Saturday, April 12, 2014

To Build Muscle, All you Need is your Bodyweight

In the following post, featured on Mosladder, the author brings up some excellent points with regard to bodyweight bodybuilding, or simply building muscle with bodyweight.

Since we've all seen the well-developed bodies of elite gymnasts, Hannibal and Barstarzz (among others; of playground bar/pro calisthenics fame0 we already know you can get ripped and yoked with bodyweight exercises (dips, pullups, front levers, pistols and handstand pushups anyone?) 

Here is how to take your bodyweight workouts to the next level:

The question: Can you build muscle by only using your bodyweight?

The answer? Hell yes! 

But just like lifting weights to build muscle, it isn't easy. It may even be too hard for a lot of people. After all, in order to destroy your muscles with bodyweight, you have to use leverage, push harder than you would with free weights to find failure, and learn to have complete control over your muscles in order to activate all the muscle you need when you need it.

What this all boils down to is this. In order to build muscle with just your bodyweight, you need to do three things:
  • Work to absolute failure
  • Continually progress 
  • Extend the time under tension
Work to Absolute Failure

Forget 'leaving a rep or two in the bank,' or avoiding the failure point to save energy for something else. The greater the destructive stimulus, the greater adaptation the body must make, and if you want to continue to build muscle in the long run, you will need to push to failure, fully recover, and repeat.

Absolute failure for bodyweight exercises can be hard to pinpoint. Let's face it, after you've done a couple dozen pushups or squats, you start wondering if you'll ever 'truly' fail. But you can, and eventually the muscles give out.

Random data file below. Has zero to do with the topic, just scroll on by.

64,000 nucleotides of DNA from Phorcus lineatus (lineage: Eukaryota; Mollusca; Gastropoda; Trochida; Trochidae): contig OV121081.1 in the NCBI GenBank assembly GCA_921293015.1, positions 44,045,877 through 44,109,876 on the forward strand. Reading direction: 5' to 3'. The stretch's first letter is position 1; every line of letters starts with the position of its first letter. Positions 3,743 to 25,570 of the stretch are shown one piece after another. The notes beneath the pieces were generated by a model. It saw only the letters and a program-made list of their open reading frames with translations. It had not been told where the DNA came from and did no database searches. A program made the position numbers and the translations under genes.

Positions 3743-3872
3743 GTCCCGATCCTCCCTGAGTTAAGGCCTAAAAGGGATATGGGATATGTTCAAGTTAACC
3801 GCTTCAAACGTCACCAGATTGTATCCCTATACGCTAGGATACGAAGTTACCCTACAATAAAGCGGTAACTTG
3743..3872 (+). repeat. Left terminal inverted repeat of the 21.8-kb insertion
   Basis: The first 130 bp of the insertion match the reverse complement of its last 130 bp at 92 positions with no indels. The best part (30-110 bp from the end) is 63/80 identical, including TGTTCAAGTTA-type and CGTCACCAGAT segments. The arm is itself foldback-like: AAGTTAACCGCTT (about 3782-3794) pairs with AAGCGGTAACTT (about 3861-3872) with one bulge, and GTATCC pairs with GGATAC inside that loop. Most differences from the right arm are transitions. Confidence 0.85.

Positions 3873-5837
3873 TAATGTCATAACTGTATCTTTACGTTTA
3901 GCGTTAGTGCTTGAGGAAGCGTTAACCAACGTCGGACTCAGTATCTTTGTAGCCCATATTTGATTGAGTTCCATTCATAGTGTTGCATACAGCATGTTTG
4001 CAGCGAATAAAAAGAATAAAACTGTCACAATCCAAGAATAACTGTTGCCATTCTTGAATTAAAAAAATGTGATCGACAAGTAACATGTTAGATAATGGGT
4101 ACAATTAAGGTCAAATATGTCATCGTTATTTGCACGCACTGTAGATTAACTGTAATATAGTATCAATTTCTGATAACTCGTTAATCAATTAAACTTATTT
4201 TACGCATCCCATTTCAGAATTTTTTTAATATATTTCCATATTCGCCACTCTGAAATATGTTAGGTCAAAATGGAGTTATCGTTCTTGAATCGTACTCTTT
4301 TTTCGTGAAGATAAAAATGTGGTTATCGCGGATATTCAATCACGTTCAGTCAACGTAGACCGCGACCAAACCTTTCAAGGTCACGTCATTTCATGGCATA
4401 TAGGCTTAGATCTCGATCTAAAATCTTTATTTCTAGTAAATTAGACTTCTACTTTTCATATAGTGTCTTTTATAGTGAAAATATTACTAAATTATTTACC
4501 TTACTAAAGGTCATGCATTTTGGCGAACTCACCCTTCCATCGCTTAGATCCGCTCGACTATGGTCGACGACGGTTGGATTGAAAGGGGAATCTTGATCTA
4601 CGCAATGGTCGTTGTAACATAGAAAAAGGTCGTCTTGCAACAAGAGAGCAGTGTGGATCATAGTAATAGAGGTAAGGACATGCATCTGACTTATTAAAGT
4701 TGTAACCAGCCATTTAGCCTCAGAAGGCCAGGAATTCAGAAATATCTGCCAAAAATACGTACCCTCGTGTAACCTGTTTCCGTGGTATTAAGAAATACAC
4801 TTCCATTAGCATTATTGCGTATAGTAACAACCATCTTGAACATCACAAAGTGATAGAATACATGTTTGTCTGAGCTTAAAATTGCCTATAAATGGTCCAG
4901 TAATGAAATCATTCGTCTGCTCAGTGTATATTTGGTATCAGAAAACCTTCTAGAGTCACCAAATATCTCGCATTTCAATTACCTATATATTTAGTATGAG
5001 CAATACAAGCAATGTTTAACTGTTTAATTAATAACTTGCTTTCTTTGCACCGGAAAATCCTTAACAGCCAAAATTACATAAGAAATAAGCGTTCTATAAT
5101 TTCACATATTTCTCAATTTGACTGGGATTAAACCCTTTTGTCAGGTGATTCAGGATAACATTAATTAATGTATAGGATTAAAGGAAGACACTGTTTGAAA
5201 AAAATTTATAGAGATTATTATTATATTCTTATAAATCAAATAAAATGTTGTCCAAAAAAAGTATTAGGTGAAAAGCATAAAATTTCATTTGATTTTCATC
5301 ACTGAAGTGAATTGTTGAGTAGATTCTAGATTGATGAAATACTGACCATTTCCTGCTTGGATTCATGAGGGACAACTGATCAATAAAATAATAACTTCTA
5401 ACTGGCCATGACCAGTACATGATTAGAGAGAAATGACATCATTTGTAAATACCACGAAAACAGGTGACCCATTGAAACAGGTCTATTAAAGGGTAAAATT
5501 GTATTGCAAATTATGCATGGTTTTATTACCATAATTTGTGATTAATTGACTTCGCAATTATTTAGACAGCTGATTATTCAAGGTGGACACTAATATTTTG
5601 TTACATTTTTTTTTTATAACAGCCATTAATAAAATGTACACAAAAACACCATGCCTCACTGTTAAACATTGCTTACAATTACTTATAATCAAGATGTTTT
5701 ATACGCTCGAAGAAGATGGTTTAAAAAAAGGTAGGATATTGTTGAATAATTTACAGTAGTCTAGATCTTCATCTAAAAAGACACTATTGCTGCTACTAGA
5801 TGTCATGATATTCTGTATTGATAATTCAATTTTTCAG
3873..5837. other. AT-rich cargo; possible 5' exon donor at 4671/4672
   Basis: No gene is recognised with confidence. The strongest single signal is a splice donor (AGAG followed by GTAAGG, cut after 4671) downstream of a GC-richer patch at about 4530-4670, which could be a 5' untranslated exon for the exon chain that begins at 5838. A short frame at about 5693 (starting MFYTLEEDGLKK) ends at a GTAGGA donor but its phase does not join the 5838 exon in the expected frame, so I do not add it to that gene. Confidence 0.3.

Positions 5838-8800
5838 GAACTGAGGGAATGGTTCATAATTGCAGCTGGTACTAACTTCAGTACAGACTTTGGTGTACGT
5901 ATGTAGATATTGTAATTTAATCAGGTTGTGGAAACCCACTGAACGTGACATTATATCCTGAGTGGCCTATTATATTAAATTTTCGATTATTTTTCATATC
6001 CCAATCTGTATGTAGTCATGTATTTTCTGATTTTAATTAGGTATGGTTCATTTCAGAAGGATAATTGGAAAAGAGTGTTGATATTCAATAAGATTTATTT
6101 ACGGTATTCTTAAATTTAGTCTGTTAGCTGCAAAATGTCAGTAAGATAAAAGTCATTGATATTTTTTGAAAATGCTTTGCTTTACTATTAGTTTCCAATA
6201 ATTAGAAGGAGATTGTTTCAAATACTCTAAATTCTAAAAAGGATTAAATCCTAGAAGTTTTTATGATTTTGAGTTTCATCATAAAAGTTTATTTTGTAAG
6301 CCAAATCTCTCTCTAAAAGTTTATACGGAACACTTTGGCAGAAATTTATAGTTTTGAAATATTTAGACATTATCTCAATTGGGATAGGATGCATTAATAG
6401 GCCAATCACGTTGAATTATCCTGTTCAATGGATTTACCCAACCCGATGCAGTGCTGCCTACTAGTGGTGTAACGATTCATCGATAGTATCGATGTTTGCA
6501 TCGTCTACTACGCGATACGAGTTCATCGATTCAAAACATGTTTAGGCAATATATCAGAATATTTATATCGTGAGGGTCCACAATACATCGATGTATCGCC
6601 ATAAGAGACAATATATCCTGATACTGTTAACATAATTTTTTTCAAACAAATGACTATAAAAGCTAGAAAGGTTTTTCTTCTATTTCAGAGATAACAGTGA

Using the bodyweight squat as an example, imagine you can perform 50 repetitions before it becomes difficult to stand up. This is when your set begins, and your mental fortitude is tested. When you cannot   stand back up (or you fall to the floor) you are done. 

But just to be sure, hold onto a chair or rail and perform slow eccentric (negative) repetitions. When you fail at those, then you can stop.

You can also reverse this process by pre-exhausting the muscles. Perform an exercise to failure or close to failure, followed by the target movement. Pushups followed by dips, or vice versa, for example. 

The same method can be used for pushups, pullups, etc. Perform a regular set to failure, then do an assisted version (pushups on your knees, pullups with a band or with feet supported) until you cannot perform another repetition. It takes guts to push to this point, and if you do it right, you will feel it the next day.

Continually Progress  

There are many ways to continue to stimulate your muscles to grow, but if weight is weight (your body, free weights,) then repetitions are repetitions. High repetition sets to failure will develop your muscular endurance, but only so much muscle.

As with free weights, you must continually challenge your muscles to grow. This means increasing the load somehow, as well as the overall amount of work done. Here are two ways to accomplish this:

  • Eliminate momentum
  • Increase the lever arm
  • Destabilize the base
Eliminating momentum is another way of saying 'slow down.' Instead of bouncing off the bottom of a pushup or dip, lower slowly, pause at the bottom and then push back up. This ensures complete control over the movement, helps prevent injury, and makes the muscles do all of the work. Use this same tactic with every one of your bodyweight workouts and see how long you last.

Increasing the lever arm means putting your body at a disadvantage to complete the exercise. So for instance, a pushup with your feet elevated is harder than one with the feet flat. Move the hands wider apart and it becomes more difficult still; move the hands further in front of you, and although it brings other muscles into play, it is still more difficult to complete a rep.

This is an easy concept to get if you like doing planks. Most folks can hold an elbow plank for a few seconds, but as you begin walking your hands ahead of your skull, the exercise gets significantly harder.